The Wasco County Historical Society will have its annual luncheon meeting Saturday, Oct. 25, at Mosier Grange Hall #234 at noon. Business items include collection of annual dues (beginning at $20), election of officers and board members, and treasurer’s report.
Program will follow, with a presentation by Dave Wilson, Mayerdale history researcher, on the Japanese families that lived in the Mosier area prior to 1942. Wilson has done extensive research on past owners of the Mayerdale Estate and nearby properties. For reservations, call 541-478-3429.
Cost with lunch is $10, program only, $5.
Two pictures that mysteriously appeared inside the Rorick House will be a topic for discussion at the meeting of the Wasco County Historical Society during their annual luncheon Oct. 25, noon, at the Mosier Grange Hall.
Like all good mysteries, there are a number of pieces to this one:
ITEM 1 — 1929. Eck Rorick, the most recent owner of the historical Rorick House, served in the U.S. military during World War I. In 1991 the Wasco County Historical Society took ownership of the home, originally built around 1850, committing to its preservation.
ITEM 2 — June, 2014. Cracks in the oldest portion of the house are observed to be growing. The house is sinking. Volunteers Eric Gleason, Mark Poppoff and Tedd Lovell install jacks beneath the floor and begin slowly raising the front of the house. The cracks gradually begin to diminish.
ITEM 3 — Saturday, Aug. 16. A volunteer docent arrives in the afternoon, unlocks the door and deactivates the alarm. The house is opened for visitors until 4 p.m., at which time the door is locked, the alarm reset.
ITEM 4 — Saturday, Aug. 23. Jackie Williams, president of the Wasco County Historical Society, arrives at the house. She unlocks the door, disables the alarm. As they prepare to open for visitors, she and past-president Jill Durow find two framed pictures lying on the bed. They are covered in dust and cobwebs. One, a watercolor painting, shows evidence of severe water damage to the mat. Assuming the pictures were found by those working under the house, they slide them under the bed and open the door for visitors.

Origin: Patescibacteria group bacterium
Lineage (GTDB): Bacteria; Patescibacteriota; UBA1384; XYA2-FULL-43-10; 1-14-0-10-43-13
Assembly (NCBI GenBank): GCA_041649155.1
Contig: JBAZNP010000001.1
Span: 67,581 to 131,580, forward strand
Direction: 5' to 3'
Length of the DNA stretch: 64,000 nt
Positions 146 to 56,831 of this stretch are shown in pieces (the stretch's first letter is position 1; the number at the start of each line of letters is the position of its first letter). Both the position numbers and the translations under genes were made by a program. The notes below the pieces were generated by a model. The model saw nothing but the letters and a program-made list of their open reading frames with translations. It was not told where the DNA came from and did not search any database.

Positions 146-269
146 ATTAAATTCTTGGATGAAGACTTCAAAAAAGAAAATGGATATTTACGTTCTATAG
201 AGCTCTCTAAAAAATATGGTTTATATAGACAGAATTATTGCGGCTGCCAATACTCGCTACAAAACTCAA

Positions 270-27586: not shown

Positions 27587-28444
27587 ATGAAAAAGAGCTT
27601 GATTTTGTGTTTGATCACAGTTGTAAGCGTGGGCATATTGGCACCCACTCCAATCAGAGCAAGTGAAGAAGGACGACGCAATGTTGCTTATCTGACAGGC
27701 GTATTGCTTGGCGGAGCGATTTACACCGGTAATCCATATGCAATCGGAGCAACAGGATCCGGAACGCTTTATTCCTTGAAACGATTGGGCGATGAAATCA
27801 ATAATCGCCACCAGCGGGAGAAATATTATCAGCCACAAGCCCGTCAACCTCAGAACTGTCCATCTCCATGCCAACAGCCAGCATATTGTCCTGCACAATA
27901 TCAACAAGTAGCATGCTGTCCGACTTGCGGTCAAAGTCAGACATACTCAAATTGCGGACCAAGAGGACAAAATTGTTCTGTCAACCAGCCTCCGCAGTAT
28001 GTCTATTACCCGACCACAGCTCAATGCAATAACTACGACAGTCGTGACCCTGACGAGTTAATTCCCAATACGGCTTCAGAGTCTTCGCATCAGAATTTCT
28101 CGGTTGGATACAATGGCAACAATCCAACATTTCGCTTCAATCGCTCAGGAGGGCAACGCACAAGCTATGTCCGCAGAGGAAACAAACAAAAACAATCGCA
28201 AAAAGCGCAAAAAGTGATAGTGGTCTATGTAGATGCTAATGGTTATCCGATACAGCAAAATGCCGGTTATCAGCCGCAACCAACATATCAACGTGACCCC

ITEM 5 — Saturday, Aug. 23 to present. Williams and Durow begin asking volunteers where the pictures came from, but nobody seems to know…
“They must have come from around here, but no one seems to know where they came from, or how they got on the bed,” explains a puzzled Williams. “Sometime that week (between Aug. 16 and Aug. 23), the pictures showed up. We’ve spoken to everyone who worked on the house, it looks like they came from around (the house).”
The photograph, a black and white portrait photograph, is Eck Rorick in military uniform. He trained pilots for World War I, Durow noted, and other photographs of Rorick at the house confirmed his identity. Yet no one recalls ever seeing this particular portrait.
“We seem to have asked everyone who has a key and knows the (alarm) code,” adds Durow. “No one knows where (the pictures) came from.”
Both agree the pictures must have been somewhere on the property, although Durow knows it wasn’t in the large storage building. “When we got the house, we cleaned that all out.”
The pictures themselves offer few clues. The portrait is clearly Eck Rorick,from his service years. The painting is a watercolor of a village, with people and draft horses. The back of the frame bears the words “Barton’s Gifts.” Both were extremely dirty, which is why they thought at first they had been found by workers underneath the house.
When the society was gifted the house from the Rorick estate in 1991, all of the household furnishings remained.
The Roiricks had no children, and little had been removed. Furniture, books, photographs, all remained.
Eck and May Rorick were interesting, well-educated, well-traveled people, Durow said. May wrote a society column for The Chronicle, and was a home economics teacher at The Dalles High School.
“I didn’t take her class, but now I wish I had,” she said.
Over the years, a number of maintenance projects have been undertaken, including checking the house wiring, replacing the roof, plumbing repair and general maintenance of the house and grounds.
The Rorick House, 300 West 13th, The Dalles, is described in the Society brochure as “the oldest surviving home in one of the oldest continuously occupied communities in the West.”